Swimming in a sea of data
One of the main issues faced by the OTT licensing professionals is dealing with the vast number of data sources available to them. Online databases, websites, publications and much more have to be searched to find that proverbial needle in a haystack—the perfect development partner. “This can be a truly daunting challenge,” says Houghteling. “It’s just not practical for us to search every possible source of information.”

For example, a great deal of valuable information about the marketplace and potential development partners can be found in the myriad reports and databases provided by the Securities and Exchange Commission. Unfortunately, the potential return on the time it takes to find the right places to look is so low that it’s not practical to dig very deep.

The result is that good opportunities may go by the wayside. Ironically, the OTT professionals are fully capable and qualified to find them; they simply don’t have the time or resources to uncover those potential partners. “What we really need is analytics to help us,” Houghteling notes. “With the right tools, we can make that part of the process a great deal more efficient, which translates directly to more opportunities to see university research reach the marketplace.”


The inside story: Getting there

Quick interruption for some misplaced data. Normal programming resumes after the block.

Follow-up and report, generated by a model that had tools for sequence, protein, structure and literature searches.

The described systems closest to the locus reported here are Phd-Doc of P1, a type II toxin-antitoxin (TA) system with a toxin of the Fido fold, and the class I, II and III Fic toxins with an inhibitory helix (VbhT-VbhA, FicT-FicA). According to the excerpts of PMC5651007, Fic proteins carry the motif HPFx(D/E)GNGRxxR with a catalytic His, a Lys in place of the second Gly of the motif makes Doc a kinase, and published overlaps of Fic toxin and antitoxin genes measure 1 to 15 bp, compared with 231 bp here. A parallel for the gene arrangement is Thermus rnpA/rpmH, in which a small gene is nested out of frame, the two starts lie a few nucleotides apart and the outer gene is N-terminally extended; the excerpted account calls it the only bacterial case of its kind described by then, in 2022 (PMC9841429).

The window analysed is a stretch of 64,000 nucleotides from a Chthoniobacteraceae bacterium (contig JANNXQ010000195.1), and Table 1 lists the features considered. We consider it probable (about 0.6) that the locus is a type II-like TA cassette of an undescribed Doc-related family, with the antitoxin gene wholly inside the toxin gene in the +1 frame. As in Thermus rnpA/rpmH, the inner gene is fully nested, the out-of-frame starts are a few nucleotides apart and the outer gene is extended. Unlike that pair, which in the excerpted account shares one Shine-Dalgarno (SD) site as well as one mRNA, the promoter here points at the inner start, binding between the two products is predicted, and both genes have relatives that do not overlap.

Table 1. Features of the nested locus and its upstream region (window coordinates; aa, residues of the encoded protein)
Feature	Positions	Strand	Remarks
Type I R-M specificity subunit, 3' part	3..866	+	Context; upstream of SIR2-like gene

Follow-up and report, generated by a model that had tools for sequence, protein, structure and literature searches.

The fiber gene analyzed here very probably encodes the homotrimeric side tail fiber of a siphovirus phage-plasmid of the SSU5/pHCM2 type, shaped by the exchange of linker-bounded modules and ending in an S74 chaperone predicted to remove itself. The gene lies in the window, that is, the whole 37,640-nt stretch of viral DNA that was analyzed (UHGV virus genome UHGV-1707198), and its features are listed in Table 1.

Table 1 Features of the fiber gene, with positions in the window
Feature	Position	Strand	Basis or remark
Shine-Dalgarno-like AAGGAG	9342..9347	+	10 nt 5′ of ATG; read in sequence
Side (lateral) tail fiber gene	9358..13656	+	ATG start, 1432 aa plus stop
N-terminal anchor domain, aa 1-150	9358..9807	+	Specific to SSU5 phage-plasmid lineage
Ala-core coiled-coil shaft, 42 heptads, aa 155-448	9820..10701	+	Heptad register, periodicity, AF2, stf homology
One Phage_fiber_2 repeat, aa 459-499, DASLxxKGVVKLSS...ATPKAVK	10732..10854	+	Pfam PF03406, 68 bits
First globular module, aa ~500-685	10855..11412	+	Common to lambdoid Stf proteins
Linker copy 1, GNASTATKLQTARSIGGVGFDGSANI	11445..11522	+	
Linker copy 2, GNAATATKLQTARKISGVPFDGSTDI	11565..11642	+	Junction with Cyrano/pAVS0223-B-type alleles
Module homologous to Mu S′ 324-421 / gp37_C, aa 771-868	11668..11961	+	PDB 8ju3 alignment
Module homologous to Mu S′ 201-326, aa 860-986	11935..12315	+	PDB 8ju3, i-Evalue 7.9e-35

The solution that has transformed how the NC State OTT finds development partners is a case of true serendipity. A graduate student, not affiliated with the office, was doing an internship at IBM and became aware of new “big data” technology that could be used to mine and interpret vast amounts of unstructured data.
The student found the technology intriguing and brought it to the attention of colleagues at the NC State Center for Innovation Management Studies (CIMS). The potential to address the OTT’s challenges soon became apparent. “Naturally we’re always interested in ways to use technology in beneficial ways; that’s our reason for being,” says Billy Houghteling. “While we weren’t specifically looking for a way to improve our efficiency at the time, when we learned about the IBM technology we saw a clear opportunity and didn’t hesitate—we jumped on it. In a way, we actually used our core competency of finding real-world applications for promising technology to solve our own business challenge.”
Contact was made with the IBM jStart™ organization, where the grad student had been an intern. IBM jStart is a small, agile and highly skilled team within IBM that is focused on developing emerging software technologies that have commercial potential—a mission not unlike that of the NC State OTT.
NC State worked to formulate the solution and teamed with IBM to bring it to fruition. “The collaborative relationship we’ve built between OTT, CIMS and IBM epitomizes why we exist,” says Houghteling. “This is a perfect example of taking promising technology and creating real-world benefit by applying it in a new and creative way.”

Building a better mining tool